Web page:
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Last Updated: Thursday, 25 March, 2004, 17:23 GMT
Suharto tops corruption rankings
Dollars in a sack
Former President Suharto of Indonesia tops the all-time corruption league table, an anti-graft group says.

Transparency International(TI), in its Global Corruption Report, uses the list to show how political corruption and private bribery hurt development.

Suharto's alleged haul of $15-$35bn in 31 years of rule, TI said, demonstrated how abuse of power "undermines the hopes... of developing countries".

Close behind is Zaire's Mobutu Sese Seko, who allegedly looted $5bn.

His haul, said TI, was particularly high in a country with an average GDP of just $100 a person.

It amounted to 40% of the $12bn in aid Zaire - now the Democratic Republic of Congo - received during his 32-year rule.

"The abuse of political power for private gain deprives the most needy of vital public services, creating a level of despair that breeds conflict and violence," said TI's founder and chairman Peter Eigen.


In producing this year's report TI has focused on political corruption, partly to highlight new conventions which it hopes will help the fight against graft.

Suharto: $15-35bn
(Indonesia, 1967-98)
Ferdinand Marcos: $5-10bn
(Philippines, 1972-86)
Mobutu Sese Seko: $5bn
(Zaire, 1965-97)
Sani Abacha: $2-5bn
(Nigeria, 1993-98)
Slobodan Milosevic: $1bn
(Yugoslavia, 1989-2000)
J-C Duvalier: $300-800m
(Haiti, 1971-86)
Alberto Fujimori: $600m
(Peru, 1990-2000)
Pavlo Lazarenko: $114-200m
(Ukraine, 1996-7)
Arnoldo Aleman: $100m
(Nicaragua, 1997-2002)
Joseph Estrada: $78-80m
(Philippines, 1998-2001)
Source: Transparency International.
All sums are estimates of alleged embezzlement
The United Nations Convention against Corruption was completed on 9 December last year, while the African Union's own convention came out in July 2003.

Ratification of these conventions, said TI UK chief Laurence Cockcroft, would help root out corrupt politicians and - just as importantly - get the stolen cash back home.

The UN Convention, he said, "provides a formal framework for mult-lateral action" by law enforcement.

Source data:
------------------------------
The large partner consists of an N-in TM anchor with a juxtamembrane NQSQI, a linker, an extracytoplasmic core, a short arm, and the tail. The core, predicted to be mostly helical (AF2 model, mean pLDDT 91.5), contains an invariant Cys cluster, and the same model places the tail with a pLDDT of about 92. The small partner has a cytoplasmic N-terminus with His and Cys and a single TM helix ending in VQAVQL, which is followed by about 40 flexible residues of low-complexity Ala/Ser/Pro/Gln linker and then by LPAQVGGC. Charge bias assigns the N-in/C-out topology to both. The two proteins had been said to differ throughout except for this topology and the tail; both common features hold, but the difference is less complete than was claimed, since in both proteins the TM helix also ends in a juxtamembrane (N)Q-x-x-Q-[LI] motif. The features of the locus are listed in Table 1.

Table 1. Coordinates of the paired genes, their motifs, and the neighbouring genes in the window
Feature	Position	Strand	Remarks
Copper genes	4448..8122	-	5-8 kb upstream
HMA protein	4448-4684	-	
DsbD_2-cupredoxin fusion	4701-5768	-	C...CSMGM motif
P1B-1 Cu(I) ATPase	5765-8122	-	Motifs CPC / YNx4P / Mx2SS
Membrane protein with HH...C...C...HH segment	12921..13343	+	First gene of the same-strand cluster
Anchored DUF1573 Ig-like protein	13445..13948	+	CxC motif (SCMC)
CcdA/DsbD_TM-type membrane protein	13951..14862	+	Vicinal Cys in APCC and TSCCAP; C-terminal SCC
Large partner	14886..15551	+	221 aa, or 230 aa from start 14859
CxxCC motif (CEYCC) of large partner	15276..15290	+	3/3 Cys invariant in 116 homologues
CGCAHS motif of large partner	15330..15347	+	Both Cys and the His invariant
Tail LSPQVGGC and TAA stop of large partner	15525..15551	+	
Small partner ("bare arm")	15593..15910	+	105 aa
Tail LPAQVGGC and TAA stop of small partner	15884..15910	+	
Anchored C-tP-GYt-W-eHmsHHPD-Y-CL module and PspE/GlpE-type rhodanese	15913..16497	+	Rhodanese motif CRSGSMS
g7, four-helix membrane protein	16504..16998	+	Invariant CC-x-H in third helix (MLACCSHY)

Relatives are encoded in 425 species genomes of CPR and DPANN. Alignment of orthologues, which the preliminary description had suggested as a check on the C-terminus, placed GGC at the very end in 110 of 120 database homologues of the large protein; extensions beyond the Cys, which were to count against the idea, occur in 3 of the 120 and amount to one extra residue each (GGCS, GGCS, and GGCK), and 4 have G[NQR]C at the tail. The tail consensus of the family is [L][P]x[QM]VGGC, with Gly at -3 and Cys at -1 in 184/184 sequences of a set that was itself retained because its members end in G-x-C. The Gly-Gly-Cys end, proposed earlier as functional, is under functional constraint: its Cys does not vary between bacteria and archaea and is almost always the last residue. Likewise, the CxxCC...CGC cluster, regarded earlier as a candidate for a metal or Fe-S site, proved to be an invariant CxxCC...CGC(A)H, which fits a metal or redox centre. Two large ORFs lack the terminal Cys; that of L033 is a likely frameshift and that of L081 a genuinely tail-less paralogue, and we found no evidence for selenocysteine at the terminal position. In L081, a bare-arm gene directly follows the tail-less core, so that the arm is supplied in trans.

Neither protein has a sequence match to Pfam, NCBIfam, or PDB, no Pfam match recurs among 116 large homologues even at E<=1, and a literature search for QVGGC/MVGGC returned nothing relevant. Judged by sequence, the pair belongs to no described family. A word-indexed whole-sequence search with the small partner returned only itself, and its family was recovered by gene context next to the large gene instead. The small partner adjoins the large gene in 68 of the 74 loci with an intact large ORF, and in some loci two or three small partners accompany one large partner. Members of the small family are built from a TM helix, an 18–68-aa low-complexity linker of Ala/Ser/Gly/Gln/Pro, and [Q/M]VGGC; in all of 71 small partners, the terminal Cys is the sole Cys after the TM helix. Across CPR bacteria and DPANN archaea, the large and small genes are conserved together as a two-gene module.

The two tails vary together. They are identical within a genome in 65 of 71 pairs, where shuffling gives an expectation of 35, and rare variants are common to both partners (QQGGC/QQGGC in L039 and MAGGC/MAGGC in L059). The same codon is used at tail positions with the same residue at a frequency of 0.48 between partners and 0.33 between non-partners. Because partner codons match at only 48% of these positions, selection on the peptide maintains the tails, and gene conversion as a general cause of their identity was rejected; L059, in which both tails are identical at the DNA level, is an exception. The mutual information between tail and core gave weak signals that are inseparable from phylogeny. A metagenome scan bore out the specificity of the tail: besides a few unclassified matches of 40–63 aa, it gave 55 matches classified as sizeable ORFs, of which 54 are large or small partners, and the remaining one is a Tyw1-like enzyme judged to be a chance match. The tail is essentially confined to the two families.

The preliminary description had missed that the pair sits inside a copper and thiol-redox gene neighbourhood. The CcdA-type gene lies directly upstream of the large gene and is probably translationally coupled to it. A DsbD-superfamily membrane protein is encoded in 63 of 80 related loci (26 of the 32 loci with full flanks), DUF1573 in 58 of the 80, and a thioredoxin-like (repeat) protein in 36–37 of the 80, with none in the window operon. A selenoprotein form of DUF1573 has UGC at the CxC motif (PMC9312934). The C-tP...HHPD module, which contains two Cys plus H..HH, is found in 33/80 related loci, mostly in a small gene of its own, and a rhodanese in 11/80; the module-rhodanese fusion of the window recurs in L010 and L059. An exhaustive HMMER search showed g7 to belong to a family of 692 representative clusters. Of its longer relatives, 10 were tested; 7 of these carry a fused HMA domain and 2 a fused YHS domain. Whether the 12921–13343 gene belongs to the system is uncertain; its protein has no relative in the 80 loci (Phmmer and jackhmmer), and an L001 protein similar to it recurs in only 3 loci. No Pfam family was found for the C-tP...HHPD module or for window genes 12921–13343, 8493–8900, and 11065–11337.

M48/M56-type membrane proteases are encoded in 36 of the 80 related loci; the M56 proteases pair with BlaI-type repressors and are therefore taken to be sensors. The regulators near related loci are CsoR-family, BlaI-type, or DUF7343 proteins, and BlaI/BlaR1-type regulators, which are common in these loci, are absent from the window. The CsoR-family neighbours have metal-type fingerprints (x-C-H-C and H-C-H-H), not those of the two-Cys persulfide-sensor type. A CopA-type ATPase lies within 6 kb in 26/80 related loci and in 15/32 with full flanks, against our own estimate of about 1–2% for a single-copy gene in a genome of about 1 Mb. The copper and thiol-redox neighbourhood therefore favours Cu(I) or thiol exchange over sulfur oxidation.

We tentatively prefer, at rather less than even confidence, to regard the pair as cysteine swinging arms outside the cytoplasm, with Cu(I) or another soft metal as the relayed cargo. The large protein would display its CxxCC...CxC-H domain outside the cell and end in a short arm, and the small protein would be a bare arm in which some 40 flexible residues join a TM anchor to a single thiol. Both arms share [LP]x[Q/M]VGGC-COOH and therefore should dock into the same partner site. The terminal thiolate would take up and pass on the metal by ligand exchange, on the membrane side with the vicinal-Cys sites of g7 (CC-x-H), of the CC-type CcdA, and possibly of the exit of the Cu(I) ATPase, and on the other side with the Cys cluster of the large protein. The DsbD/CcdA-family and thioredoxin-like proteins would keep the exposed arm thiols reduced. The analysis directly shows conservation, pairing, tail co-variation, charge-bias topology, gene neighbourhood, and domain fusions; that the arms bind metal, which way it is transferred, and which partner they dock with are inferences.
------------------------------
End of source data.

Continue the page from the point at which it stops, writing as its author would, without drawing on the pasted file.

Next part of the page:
"And it greatly improves the scope for repatriation of assets by cutting through the legal obscurantism of the past."

That could - for example - help Nigeria recover the $2bn-$5bn estimated to have been stolen by late President Sani Abacha.

Switzerland has promised to hand back more than $500m in its banks, but less progress is being made on the $1bn-plus held in London.

Still in office

TI is not alone in looking into corruption in public life.

Of particular interest in recent months has been the energy and minerals industry.

While TI's list focuses on politicians who are either dead or under investigation, others - such as resource exploitation specialists Global Witness - have gone further.

In a recent report, Global Witness accused several current leaders of looting their own treasuries.

Among them are:

  • Angola's President Jose Eduardo Dos Santos, whom it says keeps large sums in bank accounts abroad
  • Equatorial Guinea, whose President Teodoro Obiang calls oil revenues a "state secret" but is accused of keeping oil companies' payments in a bank in Washington DC under his own name
  • Kazakhstan, where a bungled attempt to smear a rival led to President Nursultan Nazarbayev inadvertently revealing $1bn in state funds placed abroad "for the good of the country".

    Angola on Thursday rejected accusations that the president and other senior government officials had benefited by millions of dollars from illicit deals.

    In a statement issued by the Angolan embassy in London, the government said the allegations were baseless and could not be proved.

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